After the construction of a house is complete, many times homeowners see problems with their house, either due to poor design or poor construction practices or both.
Differential Settlement of foundations is one of the most frequent problems after construction is complete. It can cause so many unpleasant effects which ranges from small hairline cracks on the plaster, to door frames getting out of place and beams cracking, to the point of imminent collapse of the structure.

How can this be prevented?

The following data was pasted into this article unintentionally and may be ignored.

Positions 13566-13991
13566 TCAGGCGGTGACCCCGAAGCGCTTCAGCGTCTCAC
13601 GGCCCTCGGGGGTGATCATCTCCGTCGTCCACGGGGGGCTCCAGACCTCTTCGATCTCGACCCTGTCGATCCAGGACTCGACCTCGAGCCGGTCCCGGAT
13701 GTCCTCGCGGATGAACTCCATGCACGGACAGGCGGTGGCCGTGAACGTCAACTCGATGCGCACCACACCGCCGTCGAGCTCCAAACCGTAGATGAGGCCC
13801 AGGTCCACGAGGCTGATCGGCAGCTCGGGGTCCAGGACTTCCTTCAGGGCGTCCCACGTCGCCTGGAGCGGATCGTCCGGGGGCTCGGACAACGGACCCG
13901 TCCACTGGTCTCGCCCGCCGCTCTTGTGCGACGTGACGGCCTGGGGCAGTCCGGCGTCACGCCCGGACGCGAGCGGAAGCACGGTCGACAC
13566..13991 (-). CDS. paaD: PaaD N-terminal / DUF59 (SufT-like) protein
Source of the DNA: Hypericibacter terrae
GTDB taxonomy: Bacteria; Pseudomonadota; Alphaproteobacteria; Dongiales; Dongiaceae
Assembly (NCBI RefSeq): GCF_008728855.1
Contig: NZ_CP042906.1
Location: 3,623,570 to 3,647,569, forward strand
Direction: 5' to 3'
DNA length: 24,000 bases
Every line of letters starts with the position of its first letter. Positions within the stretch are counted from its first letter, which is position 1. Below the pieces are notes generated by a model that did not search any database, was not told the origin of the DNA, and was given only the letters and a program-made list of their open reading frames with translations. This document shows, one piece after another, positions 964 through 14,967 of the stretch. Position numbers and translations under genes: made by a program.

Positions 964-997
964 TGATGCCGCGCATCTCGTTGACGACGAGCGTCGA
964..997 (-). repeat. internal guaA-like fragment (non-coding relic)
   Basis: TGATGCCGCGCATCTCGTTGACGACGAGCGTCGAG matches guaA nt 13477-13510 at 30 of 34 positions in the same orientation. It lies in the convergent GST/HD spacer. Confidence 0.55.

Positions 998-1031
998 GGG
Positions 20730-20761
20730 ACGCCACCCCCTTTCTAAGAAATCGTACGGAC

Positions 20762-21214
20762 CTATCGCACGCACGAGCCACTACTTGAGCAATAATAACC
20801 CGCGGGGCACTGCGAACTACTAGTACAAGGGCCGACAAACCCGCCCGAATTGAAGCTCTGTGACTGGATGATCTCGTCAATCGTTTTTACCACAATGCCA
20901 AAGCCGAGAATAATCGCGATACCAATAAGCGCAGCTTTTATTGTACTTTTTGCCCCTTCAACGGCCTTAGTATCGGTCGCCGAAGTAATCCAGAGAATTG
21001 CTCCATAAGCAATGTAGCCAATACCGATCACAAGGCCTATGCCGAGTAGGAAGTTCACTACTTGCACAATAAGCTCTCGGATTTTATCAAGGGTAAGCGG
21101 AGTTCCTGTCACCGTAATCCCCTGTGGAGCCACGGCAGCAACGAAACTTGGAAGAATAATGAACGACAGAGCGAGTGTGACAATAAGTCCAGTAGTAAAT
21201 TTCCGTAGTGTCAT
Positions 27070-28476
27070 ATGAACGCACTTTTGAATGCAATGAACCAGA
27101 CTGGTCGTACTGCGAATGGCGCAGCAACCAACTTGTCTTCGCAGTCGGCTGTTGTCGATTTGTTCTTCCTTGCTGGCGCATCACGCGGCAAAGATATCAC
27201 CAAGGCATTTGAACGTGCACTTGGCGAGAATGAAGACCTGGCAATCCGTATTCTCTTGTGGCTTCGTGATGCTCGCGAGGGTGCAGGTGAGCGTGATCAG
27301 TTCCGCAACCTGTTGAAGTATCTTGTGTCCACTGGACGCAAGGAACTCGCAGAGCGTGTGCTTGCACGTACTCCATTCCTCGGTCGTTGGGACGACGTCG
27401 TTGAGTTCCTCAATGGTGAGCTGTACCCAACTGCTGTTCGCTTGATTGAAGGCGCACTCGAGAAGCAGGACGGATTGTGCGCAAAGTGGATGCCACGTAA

Both design and construction practices play important roles, in order to prevent differential settlement of foundations. First of all, the soil must be analysed properly with a qualified geotechnical consultant, and the foundation system must be designed per his recommendations, by the structural engineer. This includes soil type and ground water table considerations, loads that are transferred from the structure to the ground, and the foundations that can take that load, without causing settlement above tolerable limits. Not only the bearing capacity of the soil is considered, but the calculations must be done so as to limit the settlement, which is the determining criteria. The result obtained for the individual foundation sizes can sometimes be too wide that the individual foundations start to touch each other which is the point where you make it a single mat foundation. Depending on the soil and loads, piles can also be used, in order to transfer the loads adequately to the ground, and on top of piles you construct pilecaps and then footings. During the construction phase, the geometry and details of the plans must be followed. Note that a local official will want to check the foundations, before you can continue with the construction above it, for the safety of general public so plan your schedule accordingly.